African art > Maternity > Statue Baoule
Maternity Baule Waka sona (N° 17954)
br-Probably the embodiment of a female goddess, this figure depicted sitting in a royal seat presents a child with his arms outstretched. Traditional keloid scars are carefully chiseled, jewelry indicates its status and braids collected in shells form a refined hairstyle. In front of the effigy, a container with decorative motifs engraved with contours and the hemmed edges of a textile pad sewn with cured, contained kaolin or other ointment for ritual use. These statues were kept on the altar olyo where sacrifices were made to the spirits. Crack restored on the base. Ocre grainy patina.
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Two types of statues are produced by the Baoulé in the ritual framework: The Waka-Sona statues, be wooden in baoulé, evoke a silish oussou, being from the earth. They are part of a type of statues intended to be used as a medium tool by the soothsayers komian, the latter being selected by the spirits asye usu in order to communicate the revelations of the afterlife. The second type of statues, made according to the indications of the soothsayer, are the spouses of the afterlife, male, Blolo bian or feminine, the blolo bia . About 60 ethnic groups populate Côte d'Ivoire, including the Baoulé in the centre, Akans from Ghana, the savannah people, hunting and farming, as well as the Gouro, whose cults and masks they borrowed. The basic unit is lineage, under the responsibility of an elder, whose functions are political and religious. During the 18th century, united under a single banner, this Akan people was, according to legend, guided by Queen Aba Pokou to the gold mining region in eastern Côte d'Ivoire to settle there.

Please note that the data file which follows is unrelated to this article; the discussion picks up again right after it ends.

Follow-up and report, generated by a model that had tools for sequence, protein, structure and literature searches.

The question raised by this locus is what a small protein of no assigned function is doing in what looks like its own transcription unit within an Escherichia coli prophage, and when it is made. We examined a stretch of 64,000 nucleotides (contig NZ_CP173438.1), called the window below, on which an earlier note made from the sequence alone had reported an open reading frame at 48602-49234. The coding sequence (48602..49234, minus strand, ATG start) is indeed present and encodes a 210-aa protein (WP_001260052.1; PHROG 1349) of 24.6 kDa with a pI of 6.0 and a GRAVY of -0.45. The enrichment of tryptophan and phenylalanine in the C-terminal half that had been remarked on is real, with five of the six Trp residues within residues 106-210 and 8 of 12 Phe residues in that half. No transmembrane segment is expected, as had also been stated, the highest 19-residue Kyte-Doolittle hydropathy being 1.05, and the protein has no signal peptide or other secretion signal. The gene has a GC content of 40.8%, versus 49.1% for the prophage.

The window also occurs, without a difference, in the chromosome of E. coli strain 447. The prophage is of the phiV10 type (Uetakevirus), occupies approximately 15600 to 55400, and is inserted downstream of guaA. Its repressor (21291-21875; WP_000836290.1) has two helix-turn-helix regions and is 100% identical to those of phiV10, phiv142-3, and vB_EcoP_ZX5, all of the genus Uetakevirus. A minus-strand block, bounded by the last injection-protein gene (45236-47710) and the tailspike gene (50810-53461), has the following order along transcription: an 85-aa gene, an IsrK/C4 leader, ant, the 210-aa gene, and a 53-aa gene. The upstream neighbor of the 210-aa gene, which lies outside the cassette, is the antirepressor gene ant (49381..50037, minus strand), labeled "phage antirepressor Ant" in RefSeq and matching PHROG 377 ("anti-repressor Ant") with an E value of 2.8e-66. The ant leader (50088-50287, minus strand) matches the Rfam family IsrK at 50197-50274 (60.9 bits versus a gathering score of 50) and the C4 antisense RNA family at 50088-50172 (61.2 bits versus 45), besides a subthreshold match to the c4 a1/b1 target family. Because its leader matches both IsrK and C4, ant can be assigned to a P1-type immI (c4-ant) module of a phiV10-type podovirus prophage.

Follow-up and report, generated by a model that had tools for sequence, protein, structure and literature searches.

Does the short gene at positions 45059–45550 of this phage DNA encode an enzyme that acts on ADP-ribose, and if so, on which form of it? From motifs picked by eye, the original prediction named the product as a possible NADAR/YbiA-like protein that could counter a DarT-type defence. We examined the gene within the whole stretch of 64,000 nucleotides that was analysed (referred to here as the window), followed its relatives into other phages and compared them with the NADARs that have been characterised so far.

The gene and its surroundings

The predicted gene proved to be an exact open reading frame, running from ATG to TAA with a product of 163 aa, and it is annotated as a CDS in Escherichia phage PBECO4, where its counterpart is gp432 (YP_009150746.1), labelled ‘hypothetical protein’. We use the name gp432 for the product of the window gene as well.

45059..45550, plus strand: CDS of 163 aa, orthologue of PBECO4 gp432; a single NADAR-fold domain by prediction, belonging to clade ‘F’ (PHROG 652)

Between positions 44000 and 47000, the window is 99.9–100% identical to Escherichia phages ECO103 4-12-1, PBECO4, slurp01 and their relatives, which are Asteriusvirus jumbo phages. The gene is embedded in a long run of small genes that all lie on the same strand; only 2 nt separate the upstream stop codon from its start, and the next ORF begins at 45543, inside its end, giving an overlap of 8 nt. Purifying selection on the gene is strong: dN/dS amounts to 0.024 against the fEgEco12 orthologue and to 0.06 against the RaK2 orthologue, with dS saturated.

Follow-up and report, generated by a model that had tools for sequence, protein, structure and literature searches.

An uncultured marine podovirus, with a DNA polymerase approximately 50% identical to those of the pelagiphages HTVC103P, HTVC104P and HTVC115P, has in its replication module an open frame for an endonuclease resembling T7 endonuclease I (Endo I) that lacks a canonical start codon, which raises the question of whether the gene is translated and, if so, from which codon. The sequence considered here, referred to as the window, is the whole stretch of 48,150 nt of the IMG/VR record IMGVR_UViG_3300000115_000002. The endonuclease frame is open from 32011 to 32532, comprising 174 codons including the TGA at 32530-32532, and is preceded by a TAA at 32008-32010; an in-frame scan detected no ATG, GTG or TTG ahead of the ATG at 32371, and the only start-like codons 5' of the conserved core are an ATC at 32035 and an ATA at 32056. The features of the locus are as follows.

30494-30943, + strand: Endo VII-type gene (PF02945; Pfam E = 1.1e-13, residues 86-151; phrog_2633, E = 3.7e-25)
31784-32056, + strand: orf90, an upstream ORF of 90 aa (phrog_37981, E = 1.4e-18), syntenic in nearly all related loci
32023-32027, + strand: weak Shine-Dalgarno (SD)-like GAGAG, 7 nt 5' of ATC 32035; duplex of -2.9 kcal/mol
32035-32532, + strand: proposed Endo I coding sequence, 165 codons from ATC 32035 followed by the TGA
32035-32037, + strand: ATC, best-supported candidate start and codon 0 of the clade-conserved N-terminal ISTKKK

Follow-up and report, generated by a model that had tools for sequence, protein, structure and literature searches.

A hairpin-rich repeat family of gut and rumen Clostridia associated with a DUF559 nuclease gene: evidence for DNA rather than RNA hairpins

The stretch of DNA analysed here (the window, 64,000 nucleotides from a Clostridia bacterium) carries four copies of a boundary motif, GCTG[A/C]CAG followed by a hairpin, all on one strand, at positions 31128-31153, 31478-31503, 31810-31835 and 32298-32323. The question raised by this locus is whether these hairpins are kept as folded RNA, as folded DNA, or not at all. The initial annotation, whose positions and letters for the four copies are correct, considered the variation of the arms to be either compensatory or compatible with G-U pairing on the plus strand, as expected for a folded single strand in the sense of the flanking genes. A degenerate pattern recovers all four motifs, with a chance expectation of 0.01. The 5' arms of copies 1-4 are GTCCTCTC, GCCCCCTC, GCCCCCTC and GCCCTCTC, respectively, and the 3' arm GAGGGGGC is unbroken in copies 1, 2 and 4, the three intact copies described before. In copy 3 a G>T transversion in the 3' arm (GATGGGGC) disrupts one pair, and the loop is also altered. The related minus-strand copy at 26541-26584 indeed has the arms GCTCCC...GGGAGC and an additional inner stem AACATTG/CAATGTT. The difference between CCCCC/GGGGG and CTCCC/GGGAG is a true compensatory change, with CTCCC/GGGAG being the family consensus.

Ref.: Baule Susan M. Vogel
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|Material(s)||wood, perles, cauris, textile|
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